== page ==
Monday, March 1, 2010

Beliefs about writing

The following hyperlinked text comes from the website of the National Council of Teachers of English; specifically the text is from one of NCTE's belief statements, this one about writing.

What do these statements suggest about teaching and writing? How might we best share such resources with our colleagues?

To say that writing is a process is decidedly not to say that it should -- or can -- be turned into a formulaic set of steps. Experienced writers shift between different operations according to tasks and circumstances. Second, writers do not accumulate process skills and strategies once and for all. They develop and refine writing skills throughout their writing lives.


This insight that writing is a tool for thinking helps us to understand the process of drafting and revision as one of exploration and discovery, and is nothing like transcribing from pre-recorded tape. The writing process is not one of simply fixing up the mistakes in an early draft, but of finding more and more wrinkles and implications in what one is talking about.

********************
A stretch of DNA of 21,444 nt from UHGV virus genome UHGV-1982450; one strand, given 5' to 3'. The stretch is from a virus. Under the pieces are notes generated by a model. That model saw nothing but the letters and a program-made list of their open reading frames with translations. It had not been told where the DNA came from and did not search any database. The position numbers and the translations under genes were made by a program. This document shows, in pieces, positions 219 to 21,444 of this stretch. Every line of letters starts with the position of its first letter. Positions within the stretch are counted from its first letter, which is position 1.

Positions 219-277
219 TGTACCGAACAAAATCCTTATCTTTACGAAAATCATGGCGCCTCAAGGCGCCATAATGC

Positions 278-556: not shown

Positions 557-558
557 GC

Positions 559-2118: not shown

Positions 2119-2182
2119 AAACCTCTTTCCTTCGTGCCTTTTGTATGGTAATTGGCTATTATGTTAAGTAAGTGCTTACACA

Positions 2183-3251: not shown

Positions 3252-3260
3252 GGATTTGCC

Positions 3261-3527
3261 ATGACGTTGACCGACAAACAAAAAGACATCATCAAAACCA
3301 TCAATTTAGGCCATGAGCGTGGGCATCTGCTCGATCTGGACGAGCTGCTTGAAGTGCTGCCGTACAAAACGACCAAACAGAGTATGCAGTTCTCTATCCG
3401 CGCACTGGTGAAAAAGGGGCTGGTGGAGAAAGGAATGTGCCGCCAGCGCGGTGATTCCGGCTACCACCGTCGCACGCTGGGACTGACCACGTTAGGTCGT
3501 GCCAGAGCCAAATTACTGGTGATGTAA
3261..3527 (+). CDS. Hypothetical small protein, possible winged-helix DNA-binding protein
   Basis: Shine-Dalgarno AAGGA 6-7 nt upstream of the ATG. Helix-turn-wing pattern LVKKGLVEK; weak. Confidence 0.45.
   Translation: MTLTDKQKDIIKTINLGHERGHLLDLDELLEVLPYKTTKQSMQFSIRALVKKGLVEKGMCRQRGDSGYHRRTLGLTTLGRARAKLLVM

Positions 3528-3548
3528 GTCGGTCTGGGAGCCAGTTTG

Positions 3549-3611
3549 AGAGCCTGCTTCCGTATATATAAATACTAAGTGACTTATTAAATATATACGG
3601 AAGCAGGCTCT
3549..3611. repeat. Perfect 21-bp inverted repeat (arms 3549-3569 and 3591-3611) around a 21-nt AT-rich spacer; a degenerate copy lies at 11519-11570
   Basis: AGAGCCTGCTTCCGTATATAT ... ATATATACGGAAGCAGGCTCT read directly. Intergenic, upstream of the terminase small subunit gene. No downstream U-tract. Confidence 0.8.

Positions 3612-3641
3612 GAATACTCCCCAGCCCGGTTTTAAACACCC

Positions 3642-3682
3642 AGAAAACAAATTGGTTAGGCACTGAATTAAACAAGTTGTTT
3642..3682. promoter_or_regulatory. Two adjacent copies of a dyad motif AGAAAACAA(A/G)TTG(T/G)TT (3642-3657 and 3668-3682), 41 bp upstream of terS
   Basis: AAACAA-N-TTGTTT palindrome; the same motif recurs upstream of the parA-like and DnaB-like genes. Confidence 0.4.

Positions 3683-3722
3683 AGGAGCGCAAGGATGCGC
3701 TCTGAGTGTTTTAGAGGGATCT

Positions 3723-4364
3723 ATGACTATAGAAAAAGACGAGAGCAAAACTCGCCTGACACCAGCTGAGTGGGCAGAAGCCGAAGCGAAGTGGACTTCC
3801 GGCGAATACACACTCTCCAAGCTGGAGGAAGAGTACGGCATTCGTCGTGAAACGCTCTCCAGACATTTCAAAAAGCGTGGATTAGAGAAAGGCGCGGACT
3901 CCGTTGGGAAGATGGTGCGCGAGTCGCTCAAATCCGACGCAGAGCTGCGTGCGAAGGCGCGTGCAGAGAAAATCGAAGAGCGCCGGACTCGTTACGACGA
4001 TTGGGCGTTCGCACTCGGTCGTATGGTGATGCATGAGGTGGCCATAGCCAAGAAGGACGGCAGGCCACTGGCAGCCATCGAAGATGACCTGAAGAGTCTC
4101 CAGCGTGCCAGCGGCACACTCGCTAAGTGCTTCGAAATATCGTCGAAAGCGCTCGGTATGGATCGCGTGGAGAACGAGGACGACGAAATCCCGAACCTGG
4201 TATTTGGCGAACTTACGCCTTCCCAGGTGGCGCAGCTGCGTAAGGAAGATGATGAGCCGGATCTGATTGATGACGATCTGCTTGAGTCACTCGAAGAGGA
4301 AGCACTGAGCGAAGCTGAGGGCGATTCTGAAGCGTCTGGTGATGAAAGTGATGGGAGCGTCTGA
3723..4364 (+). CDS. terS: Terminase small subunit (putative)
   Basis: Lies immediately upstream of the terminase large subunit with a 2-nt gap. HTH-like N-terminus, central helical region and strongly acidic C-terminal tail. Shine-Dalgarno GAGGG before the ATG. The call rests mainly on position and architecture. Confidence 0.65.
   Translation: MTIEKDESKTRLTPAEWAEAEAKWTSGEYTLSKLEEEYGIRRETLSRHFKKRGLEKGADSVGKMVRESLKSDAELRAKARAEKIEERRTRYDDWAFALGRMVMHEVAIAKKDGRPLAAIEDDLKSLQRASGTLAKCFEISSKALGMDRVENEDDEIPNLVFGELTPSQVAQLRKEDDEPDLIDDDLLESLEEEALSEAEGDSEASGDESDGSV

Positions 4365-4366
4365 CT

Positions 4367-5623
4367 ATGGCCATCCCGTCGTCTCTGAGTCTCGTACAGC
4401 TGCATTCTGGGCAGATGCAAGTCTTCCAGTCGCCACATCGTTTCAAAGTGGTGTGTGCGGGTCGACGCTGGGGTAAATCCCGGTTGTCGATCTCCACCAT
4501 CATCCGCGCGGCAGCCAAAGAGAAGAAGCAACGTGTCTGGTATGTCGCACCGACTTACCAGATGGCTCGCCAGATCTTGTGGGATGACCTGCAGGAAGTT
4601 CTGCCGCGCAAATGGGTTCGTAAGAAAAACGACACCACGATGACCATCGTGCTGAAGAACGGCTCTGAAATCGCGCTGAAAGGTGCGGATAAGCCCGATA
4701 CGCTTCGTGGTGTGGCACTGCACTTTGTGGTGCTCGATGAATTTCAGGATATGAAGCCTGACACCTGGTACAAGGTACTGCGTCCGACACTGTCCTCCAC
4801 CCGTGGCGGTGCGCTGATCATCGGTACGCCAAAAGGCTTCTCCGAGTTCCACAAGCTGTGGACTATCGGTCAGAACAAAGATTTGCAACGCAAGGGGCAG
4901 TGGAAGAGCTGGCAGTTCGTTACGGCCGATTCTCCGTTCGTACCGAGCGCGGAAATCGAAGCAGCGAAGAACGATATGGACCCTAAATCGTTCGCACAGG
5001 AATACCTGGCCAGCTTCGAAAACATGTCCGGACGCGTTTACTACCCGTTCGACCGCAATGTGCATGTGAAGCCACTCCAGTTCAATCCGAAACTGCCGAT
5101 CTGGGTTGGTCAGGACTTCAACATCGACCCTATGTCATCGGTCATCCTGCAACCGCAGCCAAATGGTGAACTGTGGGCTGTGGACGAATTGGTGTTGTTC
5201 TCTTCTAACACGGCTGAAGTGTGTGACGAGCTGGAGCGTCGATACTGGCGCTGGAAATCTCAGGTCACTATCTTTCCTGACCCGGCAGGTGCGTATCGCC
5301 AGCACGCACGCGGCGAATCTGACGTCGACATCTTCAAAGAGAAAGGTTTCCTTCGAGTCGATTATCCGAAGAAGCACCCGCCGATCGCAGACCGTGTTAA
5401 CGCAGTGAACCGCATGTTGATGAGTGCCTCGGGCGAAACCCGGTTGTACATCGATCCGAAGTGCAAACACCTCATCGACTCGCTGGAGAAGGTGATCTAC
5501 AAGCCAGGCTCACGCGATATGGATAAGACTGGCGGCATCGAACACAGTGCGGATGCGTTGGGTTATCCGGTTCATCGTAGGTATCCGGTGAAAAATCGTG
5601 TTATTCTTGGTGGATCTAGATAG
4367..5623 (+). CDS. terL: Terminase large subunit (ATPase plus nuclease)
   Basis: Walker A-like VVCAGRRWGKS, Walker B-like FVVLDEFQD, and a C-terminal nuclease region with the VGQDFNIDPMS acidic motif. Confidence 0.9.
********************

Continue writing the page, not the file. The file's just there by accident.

Often, in school, students write only to prove that they did something they were asked to do, in order to get credit for it. Or, students are taught a single type of writing and are led to believe this type will suffice in all situations.

How might the above statements (as well as the NCTE belief statement about writing) change your writing instruction? Do share your thoughts here.